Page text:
The Martin Luther King Jr. National Historic Site in Atlanta, Georgia, is comprised of several different sites. Groups can take a guided tour of Dr. King’s Birth Home, reflect on a walk through the “I Have a Dream” World Peace Rose Garden, and pay respects at the final resting place of Dr. and Mrs. Coretta Scott King. Groups can also tour the National Civil Rights Museum at the Lorraine Motel in Memphis, Tennessee. This museum was built on the site where Dr. King was assassinated in 1968 and features exhibits on the global impact of slavery, the battle for desegregation in schools, the Black Power movement, and a look at the last few days of Dr. King’s extraordinary life. 

For The Love of Peace

Sit-ins and boycotts were among the many ways people peacefully protested during the Civil Rights Movement. The International Civil Rights Center & Museum is housed in the historic Woolworth’s building in Greensboro, North Carolina. The museum, built on the site where four African American college students staged their now-famous sit-in at the Woolworth’s lunch counter in 1960, offers guided group tours of its 13 permanent exhibitions on nonviolent activism during the era of the Civil Rights Movement. 

In 1955, Rosa Parks stood up for her civil rights by remaining seated on segregated bus after being asked to give up her spot for a white passenger. Troy University’s Rosa Parks Museum is located at the site of Park’s famous arrest and features a restored 1950s bus and exhibits on the roots and ramifications of the Montgomery Bus Boycott. Also in Montgomery, Alabama, tour the Freedom Rides Museum to learn how activists risked their lives to force the U.S. government to enforce the Supreme Court’s decision to outlaw segregated transportation.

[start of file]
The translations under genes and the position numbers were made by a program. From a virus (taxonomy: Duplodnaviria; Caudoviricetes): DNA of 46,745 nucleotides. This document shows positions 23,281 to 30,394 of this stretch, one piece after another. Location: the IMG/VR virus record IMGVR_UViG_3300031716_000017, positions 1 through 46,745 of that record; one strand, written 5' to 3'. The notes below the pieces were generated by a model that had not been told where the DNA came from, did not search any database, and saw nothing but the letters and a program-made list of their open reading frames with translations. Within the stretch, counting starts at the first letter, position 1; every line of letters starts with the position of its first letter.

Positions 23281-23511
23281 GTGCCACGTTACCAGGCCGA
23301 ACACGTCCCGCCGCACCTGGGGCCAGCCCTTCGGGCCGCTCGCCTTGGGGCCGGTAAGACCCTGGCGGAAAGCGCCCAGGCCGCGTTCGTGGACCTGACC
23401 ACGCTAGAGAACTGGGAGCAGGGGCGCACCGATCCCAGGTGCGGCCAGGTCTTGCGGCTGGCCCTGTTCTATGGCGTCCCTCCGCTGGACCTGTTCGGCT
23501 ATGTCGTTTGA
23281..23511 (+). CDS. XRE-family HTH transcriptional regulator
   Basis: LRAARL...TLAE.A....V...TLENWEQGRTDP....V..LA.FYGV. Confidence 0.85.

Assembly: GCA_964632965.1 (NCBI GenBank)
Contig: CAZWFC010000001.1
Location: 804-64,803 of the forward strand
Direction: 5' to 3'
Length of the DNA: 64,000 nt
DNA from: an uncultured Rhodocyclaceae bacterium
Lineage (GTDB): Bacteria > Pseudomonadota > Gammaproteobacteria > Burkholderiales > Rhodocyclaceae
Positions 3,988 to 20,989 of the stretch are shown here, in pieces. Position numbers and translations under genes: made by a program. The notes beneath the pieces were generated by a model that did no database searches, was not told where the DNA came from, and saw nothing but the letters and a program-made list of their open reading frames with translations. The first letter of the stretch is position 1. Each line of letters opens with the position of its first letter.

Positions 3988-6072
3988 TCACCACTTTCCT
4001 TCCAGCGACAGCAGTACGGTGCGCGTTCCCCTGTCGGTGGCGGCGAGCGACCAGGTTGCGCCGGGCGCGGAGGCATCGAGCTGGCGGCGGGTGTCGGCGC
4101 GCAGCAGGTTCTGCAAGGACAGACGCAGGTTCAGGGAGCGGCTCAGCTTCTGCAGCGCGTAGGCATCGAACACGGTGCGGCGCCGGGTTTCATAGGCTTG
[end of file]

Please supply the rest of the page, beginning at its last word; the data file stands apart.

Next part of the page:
In Selma, Alabama, groups might choose to visit the Edmund Pettus Bridge, where on March 7, 1965 (aka “Bloody Sunday”), protestors peacefully marched across the Alabama River to advocate for voting rights and were met with brutal attacks from law enforcement. Nearby, groups can schedule a tour of the National Voting Rights Museum and Institute, which examines this dark day’s impact on American history and the fight for suffrage.

“The Great Equalizer”

The Civil Rights Movement sought equality in all its forms—from economic justice to the enshrinement of African Americans’ voting rights. This included the fight to desegregate schools and improve access to quality education for all Americans, regardless of their skin color. This required acts of great bravery and sacrifice from African American schoolchildren and their families, and their stories are honored at several sites along the U.S. Civil Rights Trail. 

Little Rock Central High School National Historic Site in Little Rock, Arkansas, commemorates the courageous actions of the “Little Rock Nine,” a group of African American students who faced incredible adversity as they sought to desegregate the school in 1957, a test of the Brown v. Board of Education decision from the U.S. Supreme Court. Today, Little Rock Central High School is a functioning high school, but groups can schedule a ranger-led tour of the facilities and its museum to learn about the Little Rock Nine and the desegregation movement. 

Other U.S. Civil Rights Trail education sites include: Clinton High School, in Clinton, Tennessee, where 12 African American students desegrated the school in 1956; New Orleans’ William Frantz Elementary School, where Ruby Bridges became the first Black student in 1960; and Fisk University, the first African American university to receive accreditation from the Southern Association of Colleges and Schools and the alma mater of several prominent Americans, including journalist and activist Ida B. Wells-Barnett and U.S. Representative John Lewis.

Main Image: National Civil Rights Museum, Memphis, Tennessee. Credit: National Civil Rights Museum